View Single Post
Old 07-26-2009, 02:27 AM   #65
Samuel Dravis
 
Samuel Dravis's Avatar
 
Status: Moderator
Join Date: May 2002
Posts: 4,973
Quote:
Originally Posted by Achilles View Post
I'm not sure why you're introducing "magical". Supernatural is both accurate and sufficient.

Perhaps you could help me understand the ways in which belief in a supernatural being is not superstitious?
Certainly. I looked up "superstition" in the dictionary, and found that a Christian's beliefs need not fit the description (though they obviously can). That was where my list of "doesn't-have-to's" came from, actually.

Quote:
Every claim regarding the judeo-christian god I've ever heard contains some element that is considered "nature-defying". Omnipotence and omnipotence seems like pretty "nature-defying" attributes to me.
Only if you consider those things to be against nature, which to a Christian they would not necessarily be. As in my example, the omnipotence thing can be explained as merely the result of the sort of being that God is, just as my ability to walk is the result of my being a human being that is reasonably fit. Neither of these can be called unnatural by any stretch of the imagination.

Quote:
"Fear of god" is not a requirement for superstition.
See above.

Quote:
Because god cannot be ruled out does not mean that we have good reasons for accepting that he/she/it does exist. Therefore accepting such a claim would be to do so from a position of ignorance.
If it were to go as you describe, sure, you're quite correct. But few people believe in God because evidence leads them to it. In fact, I do not think any evidence would be sufficient to prove God's existence. From what I can tell, the story goes: Get born, learn about God from your parents, sunday school, friends, see Jesus on the wall, pray over the table and before you go to bed, etc etc. In none of these activities resides the action of "looking to make sure God's there" or anything like it.

And then look at the sort of thing which usually facilitates conversions later on in life. Spiritual crisis, loss of family members, despair at being a good person / over addictions, etc. These also do not involve examination of physical evidence, but a "change of the heart". I think it's interesting that none of the writers in the Bible ever tried to prove God's existence philosophically; indeed, there's a defense of faith of sorts by Paul in Acts 22 which shows a method of justification extremely far from modern natural theology. Kierkegaard is an interesting read on the subject of despair and faith, and I recommend his "The Sickness Unto Death."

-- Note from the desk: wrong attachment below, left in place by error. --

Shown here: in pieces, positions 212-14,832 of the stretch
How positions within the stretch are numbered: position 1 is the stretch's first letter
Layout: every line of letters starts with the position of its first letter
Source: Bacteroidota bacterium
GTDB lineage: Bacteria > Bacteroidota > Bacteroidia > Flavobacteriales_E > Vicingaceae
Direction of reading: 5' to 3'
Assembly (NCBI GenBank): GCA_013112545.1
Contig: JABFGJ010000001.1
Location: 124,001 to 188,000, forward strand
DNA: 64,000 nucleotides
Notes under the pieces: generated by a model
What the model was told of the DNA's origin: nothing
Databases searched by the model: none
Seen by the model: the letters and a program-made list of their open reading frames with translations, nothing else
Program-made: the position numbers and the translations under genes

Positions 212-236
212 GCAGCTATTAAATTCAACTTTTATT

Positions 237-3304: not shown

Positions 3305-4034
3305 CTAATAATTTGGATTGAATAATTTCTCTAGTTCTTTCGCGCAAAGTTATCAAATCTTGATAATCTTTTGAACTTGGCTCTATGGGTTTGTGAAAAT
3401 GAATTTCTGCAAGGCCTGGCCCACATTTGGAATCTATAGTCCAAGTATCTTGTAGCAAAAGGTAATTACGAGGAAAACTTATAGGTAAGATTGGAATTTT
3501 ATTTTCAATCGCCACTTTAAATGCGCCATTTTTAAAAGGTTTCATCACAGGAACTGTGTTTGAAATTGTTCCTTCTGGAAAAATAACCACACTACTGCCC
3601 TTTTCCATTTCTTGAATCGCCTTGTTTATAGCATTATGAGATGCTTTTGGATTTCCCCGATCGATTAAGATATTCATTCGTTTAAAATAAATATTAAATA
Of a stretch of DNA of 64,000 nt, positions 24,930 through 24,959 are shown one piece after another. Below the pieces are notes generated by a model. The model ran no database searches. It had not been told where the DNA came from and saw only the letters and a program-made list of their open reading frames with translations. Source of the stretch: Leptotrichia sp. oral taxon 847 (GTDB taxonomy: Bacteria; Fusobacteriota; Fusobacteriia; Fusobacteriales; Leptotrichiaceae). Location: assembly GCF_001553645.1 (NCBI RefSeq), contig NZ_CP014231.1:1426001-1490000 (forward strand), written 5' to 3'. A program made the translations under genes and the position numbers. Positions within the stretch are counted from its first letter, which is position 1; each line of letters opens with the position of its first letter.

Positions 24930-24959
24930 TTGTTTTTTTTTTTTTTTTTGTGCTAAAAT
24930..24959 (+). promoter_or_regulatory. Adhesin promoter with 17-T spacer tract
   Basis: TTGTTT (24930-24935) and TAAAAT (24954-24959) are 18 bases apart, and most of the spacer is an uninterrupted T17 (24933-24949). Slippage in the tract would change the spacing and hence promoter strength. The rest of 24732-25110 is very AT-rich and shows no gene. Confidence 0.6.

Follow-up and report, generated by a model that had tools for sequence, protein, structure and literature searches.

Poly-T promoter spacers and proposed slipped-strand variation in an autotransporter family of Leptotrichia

So, my understanding of the question, in its natural environment, is that it is not empirical, and given modern Christianity, necessarily so; if there is no possible difference in evidence between two options, then appeals to a decision based on which side has the most evidence are nonsensical. The statement "God exists" effectively turns into an attitude towards life and declaration of the way the believer will go about living. Interpreting it strictly as an empirical statement is to ignore the whole surroundings within which the belief was formed and given meaning. Paul's conversion and faith did not consist of "I didn't believe [that Japan is on the other side of the world] and now I do"; instead, it was "I will change my entire life."

Given this, your criticism is too limited to address the normal reasons for believing that a normal Christian might have, and for some people it may not address any of their reasons at all. It also would mean that belief in Christianity does not require a position of ignorance, since knowledge of evidence or proofs does not necessarily come into play.

Nietzsche provides criticisms of Christianity that could be effective in ways the empirical criticism is not, but they (from my limited reading, and I assure you it's very limited) seem to work mostly by persuasion, not "brute force" logic. Perhaps Jonathan7 could comment on those; I know he's read more of Nietzsche than I have.

My main point, however, was only that I disagreed with Skinwalker over his use of "superstition" as a necessary component to Christianity. I'm sure the two coexist quite well most places.


"Words are deeds." - Wittgenstein

Last edited by Samuel Dravis; 07-26-2009 at 05:36 AM.
Samuel Dravis is offline   you may: quote & reply,